TVR Tina

1967 TVR Tina Prototype by Fissore

Offered by Silverstone Auctions | Birmingham, U.K. | November 11-12, 2017

Photo – Silverstone Auctions

Few car companies have undergone more corporate ownership changes than TVR. In 1965 the company was purchased by Arthur Lilley and his son. It took a while for production to get going again on previous models but the demand really wasn’t that strong. So the new TVR commissioned Fissore to build a prototype two-door sports car. Fissore returned with this, the Tina (named for the daughter of Gerry Marshall, a British racing driver and associate of the TVR owners).

Unveiled at the 1966 Turin Auto Show, the Tina was shown as both coupe and convertible. They were based on the Hillman Imp, so the 55 horsepower 875cc straight-four is located in the rear. TVR lacked the funds to get this project off the ground and in 1967, once the Griffith had been put out the pasture, TVR went with the new Tuscan instead.

Tina Marshall, this car’s namesake, inherited it when her father passed in 2005. It was restored to the condition you see here. The Tina Convertible Prototype is still out there, but here’s your chance to acquire the coupe. It should bring between $40,000-$52,000. Click here for more info and here for more from this sale.

Update: Not sold.

Monteverdi 375/L

1971 Monteverdi 375/L High Speed Coupe by Fissore

Offered by RM Sotheby’s | London, U.K. | September 7, 2016

Photo Courtesy of RM Sotheby's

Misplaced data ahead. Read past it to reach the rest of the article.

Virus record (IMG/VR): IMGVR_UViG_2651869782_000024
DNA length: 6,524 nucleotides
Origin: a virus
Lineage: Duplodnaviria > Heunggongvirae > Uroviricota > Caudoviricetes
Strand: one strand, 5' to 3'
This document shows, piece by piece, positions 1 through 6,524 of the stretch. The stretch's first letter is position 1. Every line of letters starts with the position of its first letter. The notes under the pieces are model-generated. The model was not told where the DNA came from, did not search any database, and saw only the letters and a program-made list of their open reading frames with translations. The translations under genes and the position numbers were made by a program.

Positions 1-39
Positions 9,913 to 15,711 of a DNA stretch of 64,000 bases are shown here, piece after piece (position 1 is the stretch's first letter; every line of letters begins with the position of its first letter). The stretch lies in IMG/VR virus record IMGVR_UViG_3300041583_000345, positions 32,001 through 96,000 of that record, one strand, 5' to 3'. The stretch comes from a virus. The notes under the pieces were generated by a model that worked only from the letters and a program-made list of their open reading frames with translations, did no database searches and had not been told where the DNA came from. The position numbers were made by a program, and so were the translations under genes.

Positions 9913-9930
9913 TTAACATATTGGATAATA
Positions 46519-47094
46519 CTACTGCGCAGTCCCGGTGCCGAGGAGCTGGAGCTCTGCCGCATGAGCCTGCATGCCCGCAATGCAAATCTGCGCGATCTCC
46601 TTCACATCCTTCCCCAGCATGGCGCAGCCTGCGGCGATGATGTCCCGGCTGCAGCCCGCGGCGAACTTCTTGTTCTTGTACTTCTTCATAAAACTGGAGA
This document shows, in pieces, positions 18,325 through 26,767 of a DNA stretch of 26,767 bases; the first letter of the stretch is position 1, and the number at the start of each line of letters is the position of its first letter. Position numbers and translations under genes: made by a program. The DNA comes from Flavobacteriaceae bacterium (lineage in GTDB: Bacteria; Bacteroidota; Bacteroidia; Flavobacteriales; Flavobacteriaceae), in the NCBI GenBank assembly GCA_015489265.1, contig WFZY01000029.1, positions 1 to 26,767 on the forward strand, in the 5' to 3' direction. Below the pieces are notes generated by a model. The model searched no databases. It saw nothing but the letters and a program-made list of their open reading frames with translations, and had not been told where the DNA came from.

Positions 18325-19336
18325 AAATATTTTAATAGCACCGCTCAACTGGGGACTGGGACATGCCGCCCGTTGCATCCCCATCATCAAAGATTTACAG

Photo Courtesy of RM Sotheby’s

Peter Monteverdi’s Swiss car company never built models in huge numbers. In fact, only a handful of the cars he built ever made it to the production stage. Among them is the High Speed 375 line of cars that was built between 1967 and 1970 (with a few sedans built after that).

The 375/L was the second car in the High Speed line and it was a 2+2 four-seater on a slightly longer wheelbase than the preceding 375S two-seat coupe (there was also a 375C convertible and a 375/4 sedan). The engine is a Chrysler 440 (7.2-liter) V-8 making 375 horsepower. The body on this car is by Fissore of Italy.

A car with an American engine and an Italian body made for instant success. This particular example is being sold by its original owner. Monteverdis don’t trade hands often and that’s probably because they are awesome cars – on par with the other big Italian muscle car/tourers of the day (think Ghia SS and Maserati Ghibli). Production numbers are unknown, but it wasn’t many. You can read more here and see more from RM Sotheby’s here.

Update: Sold $210,112.